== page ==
Grinnell said that among Grosvenor's former students are many, "...finely regarded architects, artists, boat builders, historic preservationists and entrepreneurs." That role call list includes people like artists William T. Hillman, Charles Pinning, and William B. Hoyt; architect James Gubelmann; Armin Allen, former President and Chairman of the Board of Trustees of the Preservation Society of Newport County and London-based dealer in European ceramics; and Henry DuPont, owner of Lorax Energy Systems, a proponent and supplier of wind energy turbines.

William Vareika of William Vareika Fine Arts Ltd, sponsor of "Richard Grosvenor: Newport's Muse and Mentor" calls Grosvenor, "...the Dean of the Newport school of art and the soul of the Newport Art Museum."

Most of the art works in "Richard Grosvenor: Newport's Muse and Mentor" are by Grosvenor himself but the show also includes contributions from some of Grosvenor's own teachers, family members and former students.

Writing about Grosvenor for a 2000 retrospective presented by the Newport Art Museum, Grinnell wrote, "Best known in Rhode Island for his vivid watercolors of the area's landmarks, over the years Grosvenor has honed his spare, sparkling technique to a quintessential expression. He loves watercolor for its spontaneity...watercolor on paper lets the light shine through, resulting in a luminous impression. It is also a medium that lends itself to on the spot studies, and Dick Grosvenor with his easel and paints is a familiar sight to many Newporters."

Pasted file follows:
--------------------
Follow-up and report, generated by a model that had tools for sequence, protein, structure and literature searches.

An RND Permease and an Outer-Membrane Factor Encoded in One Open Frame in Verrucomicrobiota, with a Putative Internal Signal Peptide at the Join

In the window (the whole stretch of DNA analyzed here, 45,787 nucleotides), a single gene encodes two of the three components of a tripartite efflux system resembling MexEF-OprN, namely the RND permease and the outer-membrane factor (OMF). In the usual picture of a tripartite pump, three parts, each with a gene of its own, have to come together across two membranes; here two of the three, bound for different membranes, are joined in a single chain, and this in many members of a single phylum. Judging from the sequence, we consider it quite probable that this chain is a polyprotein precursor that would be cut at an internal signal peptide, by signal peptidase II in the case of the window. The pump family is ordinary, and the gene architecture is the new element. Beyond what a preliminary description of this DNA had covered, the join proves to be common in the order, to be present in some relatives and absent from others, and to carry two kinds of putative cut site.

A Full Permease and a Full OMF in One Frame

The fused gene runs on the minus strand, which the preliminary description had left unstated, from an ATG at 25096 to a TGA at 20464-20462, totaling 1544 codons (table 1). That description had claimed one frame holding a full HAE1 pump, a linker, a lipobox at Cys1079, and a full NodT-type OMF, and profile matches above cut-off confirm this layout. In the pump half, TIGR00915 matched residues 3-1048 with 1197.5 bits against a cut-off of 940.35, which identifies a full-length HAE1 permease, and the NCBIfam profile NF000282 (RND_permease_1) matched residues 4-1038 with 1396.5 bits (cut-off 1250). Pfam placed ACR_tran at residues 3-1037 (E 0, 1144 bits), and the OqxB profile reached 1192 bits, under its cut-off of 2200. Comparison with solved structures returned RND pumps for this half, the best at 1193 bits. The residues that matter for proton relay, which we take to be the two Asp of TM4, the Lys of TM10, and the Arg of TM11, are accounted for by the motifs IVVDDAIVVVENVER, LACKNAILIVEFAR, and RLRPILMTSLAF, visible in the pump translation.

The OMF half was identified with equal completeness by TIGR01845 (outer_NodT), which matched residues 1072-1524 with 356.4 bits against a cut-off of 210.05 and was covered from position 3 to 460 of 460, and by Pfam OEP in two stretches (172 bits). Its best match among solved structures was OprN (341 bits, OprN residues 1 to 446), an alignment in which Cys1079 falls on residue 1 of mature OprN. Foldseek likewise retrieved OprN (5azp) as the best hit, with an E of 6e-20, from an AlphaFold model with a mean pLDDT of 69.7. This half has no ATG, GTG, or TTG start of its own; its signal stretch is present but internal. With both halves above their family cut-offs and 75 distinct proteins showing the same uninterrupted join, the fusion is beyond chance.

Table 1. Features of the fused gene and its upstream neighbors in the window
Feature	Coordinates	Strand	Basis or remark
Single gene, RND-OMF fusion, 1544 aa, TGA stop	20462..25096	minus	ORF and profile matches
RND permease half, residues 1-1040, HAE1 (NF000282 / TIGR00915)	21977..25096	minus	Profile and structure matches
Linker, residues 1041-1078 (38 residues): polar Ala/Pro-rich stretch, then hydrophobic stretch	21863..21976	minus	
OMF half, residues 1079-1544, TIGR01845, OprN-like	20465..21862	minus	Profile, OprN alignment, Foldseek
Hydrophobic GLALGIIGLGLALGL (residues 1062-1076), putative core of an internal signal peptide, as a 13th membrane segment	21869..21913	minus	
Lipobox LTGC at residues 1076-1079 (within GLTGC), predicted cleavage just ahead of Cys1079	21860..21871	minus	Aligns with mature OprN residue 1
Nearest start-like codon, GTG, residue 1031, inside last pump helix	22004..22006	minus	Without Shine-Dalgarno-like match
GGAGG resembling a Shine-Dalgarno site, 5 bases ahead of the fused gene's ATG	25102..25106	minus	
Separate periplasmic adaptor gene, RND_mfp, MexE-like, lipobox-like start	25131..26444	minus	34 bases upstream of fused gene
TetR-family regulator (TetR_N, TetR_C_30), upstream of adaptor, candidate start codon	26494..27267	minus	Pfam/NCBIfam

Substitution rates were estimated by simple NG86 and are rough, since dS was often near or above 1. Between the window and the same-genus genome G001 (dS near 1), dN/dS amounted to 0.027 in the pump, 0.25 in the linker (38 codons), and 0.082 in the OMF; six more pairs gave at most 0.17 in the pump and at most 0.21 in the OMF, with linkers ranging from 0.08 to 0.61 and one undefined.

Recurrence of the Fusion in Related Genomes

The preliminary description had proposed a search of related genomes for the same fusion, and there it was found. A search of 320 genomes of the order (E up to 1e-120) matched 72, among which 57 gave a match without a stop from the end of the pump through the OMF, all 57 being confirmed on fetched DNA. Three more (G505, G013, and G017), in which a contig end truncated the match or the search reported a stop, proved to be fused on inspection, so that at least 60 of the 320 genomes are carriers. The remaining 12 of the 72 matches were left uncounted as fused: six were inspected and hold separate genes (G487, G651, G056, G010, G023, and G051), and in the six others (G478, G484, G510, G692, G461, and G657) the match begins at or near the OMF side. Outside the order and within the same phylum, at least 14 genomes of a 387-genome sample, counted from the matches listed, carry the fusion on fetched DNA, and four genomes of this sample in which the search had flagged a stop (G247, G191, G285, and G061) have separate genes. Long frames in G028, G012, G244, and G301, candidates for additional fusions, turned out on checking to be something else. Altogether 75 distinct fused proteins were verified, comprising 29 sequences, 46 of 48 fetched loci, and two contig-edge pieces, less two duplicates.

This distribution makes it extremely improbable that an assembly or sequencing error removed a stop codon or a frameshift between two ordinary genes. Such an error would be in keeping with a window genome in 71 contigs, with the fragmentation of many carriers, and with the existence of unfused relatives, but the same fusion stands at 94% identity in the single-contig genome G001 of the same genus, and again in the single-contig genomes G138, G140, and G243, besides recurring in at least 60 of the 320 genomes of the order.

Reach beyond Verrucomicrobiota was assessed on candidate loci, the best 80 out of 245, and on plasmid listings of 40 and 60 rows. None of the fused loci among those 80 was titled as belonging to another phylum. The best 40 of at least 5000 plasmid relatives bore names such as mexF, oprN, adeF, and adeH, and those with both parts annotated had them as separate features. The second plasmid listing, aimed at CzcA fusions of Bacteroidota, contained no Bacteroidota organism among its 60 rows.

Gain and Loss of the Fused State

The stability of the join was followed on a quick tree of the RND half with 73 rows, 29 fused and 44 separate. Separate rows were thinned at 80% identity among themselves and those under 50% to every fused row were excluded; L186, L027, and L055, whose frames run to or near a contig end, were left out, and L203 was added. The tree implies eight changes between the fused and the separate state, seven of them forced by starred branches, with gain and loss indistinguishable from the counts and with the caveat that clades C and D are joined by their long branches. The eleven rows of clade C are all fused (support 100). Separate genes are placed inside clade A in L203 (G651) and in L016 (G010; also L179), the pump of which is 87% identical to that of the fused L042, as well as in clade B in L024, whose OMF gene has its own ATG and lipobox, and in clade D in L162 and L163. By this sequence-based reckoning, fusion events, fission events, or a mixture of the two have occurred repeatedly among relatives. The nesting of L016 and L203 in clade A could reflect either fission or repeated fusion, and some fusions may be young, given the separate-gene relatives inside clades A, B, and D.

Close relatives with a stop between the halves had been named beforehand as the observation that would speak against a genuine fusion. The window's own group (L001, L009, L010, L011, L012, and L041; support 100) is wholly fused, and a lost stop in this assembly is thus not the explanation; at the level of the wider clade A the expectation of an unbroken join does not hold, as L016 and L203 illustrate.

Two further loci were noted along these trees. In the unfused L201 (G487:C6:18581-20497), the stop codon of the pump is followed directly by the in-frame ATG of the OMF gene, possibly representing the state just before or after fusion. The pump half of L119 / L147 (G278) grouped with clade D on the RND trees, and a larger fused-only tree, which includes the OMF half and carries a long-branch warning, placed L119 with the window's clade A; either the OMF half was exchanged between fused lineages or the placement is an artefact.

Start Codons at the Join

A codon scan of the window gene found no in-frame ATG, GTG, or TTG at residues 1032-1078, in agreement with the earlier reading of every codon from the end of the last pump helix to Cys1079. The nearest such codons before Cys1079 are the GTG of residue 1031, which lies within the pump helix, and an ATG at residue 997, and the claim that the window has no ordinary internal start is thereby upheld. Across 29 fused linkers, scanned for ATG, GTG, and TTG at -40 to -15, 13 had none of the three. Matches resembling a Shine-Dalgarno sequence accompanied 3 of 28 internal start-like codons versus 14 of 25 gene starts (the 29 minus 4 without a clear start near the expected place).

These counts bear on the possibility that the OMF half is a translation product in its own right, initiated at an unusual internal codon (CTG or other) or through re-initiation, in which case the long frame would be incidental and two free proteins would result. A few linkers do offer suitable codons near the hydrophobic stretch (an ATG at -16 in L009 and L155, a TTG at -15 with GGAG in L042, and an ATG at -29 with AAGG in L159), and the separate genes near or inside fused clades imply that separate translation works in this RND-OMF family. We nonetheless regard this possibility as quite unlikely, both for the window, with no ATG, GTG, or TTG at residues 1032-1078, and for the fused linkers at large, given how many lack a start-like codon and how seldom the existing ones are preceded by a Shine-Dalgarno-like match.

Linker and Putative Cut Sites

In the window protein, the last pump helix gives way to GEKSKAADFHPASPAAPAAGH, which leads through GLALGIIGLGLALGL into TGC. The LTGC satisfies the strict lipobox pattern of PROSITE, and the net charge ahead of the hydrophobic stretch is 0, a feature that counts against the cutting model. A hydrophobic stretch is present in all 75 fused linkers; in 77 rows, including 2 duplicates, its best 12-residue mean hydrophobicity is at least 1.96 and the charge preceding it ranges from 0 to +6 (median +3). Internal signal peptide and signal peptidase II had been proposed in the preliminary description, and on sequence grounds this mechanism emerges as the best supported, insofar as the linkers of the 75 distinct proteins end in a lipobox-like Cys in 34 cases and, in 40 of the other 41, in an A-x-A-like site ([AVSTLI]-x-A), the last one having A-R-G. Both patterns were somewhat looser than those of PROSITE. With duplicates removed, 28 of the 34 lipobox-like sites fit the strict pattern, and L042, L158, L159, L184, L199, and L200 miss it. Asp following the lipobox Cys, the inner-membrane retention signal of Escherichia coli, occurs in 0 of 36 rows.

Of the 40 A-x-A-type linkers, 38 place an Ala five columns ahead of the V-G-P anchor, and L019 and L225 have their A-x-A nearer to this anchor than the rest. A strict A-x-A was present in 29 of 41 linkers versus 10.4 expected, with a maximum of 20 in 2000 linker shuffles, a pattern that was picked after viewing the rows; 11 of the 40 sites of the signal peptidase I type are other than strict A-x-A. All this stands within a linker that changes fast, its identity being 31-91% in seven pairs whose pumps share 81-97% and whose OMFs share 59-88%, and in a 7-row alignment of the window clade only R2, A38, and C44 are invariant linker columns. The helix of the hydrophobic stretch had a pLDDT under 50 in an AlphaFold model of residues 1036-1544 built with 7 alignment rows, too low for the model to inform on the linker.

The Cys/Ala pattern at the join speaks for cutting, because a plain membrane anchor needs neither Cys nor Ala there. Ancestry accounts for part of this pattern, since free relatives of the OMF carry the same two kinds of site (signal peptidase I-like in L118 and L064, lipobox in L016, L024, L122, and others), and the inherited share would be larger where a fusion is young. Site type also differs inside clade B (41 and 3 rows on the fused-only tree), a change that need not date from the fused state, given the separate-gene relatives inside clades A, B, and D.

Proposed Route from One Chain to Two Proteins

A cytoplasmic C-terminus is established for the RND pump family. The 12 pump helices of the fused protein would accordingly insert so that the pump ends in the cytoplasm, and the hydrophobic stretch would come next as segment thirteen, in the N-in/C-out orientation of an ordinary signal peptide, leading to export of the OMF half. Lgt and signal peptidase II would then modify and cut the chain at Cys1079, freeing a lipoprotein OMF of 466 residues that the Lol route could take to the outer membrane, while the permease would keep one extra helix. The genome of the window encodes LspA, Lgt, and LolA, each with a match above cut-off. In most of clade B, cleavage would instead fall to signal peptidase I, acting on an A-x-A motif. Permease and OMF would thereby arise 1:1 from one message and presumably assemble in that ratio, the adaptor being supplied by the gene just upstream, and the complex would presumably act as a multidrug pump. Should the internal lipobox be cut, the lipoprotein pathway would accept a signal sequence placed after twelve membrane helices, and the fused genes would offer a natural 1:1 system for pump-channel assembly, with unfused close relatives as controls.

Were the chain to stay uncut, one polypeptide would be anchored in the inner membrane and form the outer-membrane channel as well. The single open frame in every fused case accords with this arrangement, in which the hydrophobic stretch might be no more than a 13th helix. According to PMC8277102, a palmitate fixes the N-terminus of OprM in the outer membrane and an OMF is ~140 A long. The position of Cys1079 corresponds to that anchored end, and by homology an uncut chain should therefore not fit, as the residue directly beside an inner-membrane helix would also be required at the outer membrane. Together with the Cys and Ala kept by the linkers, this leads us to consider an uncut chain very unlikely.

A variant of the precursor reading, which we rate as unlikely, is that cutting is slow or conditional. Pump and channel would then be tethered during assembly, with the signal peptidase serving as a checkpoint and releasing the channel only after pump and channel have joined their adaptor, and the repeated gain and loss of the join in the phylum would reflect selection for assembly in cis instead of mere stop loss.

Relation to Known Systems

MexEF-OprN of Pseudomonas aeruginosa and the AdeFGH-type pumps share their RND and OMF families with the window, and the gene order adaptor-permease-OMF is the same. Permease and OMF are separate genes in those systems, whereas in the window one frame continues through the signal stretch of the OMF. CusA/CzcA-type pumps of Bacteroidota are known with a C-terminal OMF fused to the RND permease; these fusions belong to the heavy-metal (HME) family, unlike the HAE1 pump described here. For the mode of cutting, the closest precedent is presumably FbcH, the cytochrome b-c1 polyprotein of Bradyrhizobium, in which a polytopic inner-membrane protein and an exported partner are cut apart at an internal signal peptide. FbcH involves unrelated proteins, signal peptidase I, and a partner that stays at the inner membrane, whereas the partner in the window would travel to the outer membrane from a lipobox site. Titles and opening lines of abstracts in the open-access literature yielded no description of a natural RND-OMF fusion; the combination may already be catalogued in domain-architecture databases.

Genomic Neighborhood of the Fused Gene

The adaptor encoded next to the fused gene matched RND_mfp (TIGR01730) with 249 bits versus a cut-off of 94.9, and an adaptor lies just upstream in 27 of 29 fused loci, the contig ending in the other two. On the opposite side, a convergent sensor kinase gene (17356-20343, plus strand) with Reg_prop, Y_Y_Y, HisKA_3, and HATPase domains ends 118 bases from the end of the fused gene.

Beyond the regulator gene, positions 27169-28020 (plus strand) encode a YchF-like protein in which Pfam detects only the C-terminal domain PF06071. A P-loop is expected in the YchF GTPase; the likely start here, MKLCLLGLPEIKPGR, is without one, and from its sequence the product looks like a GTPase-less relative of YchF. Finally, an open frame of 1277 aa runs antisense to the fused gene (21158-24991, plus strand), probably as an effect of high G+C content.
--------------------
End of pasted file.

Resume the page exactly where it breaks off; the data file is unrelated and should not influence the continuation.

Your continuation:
Grinnell continued, "Grosvenor began painting oil "multi-panels" in the early seventies...(H)e divides a painting among several canvases which are then hung at varying distances from the wall in an attempt to achieve an illusion of spatial depth...The prisms of light in many of his oils are geometric overlays, imparting an abstract element to his otherwise realistic views."

A tireless supporter of the arts and a mainstay of the Newport Art Museum, Grosvenor remains one of Rhode Island's most celebrated and respected artists.

 

Biography: Richard Grosvenor

Richard Grosvenor was born in France to American parents in 1928. He grew up in Providence and Newport, Rhode Island and attended Groton School in Groton, Massachusetts where he studied with Richard S. Meryman. Grosvenor graduated from Harvard University in 1951 with a degree in Fine Arts. He worked as a commercial artist before being appointed to head the Art Department of St. George's School in Newport where he taught for 40 years. Grosvenor is best known for his watercolors and multi-paneled paintings in oil. His work reflects the sea and its coast and, since he is also a pilot, he often uses an aerial perspective. He has received awards from the Providence Art Club, the Newport Art Museum, and the Rhode Island Watercolor Society. Grosvenor's work is included in community, corporate and private collections throughout the country and was selected for the White House Historical Society Calendar of 2000. In 2002, he wrote and illustrated Newport: an Artist's Impression of its Architecture and History.

 

(above: Richard Grosvenor, Barn on Poppasquash Pond, Bristol, 1977. Watercolor on paper. Lent by the Richard C. Grosvenor family.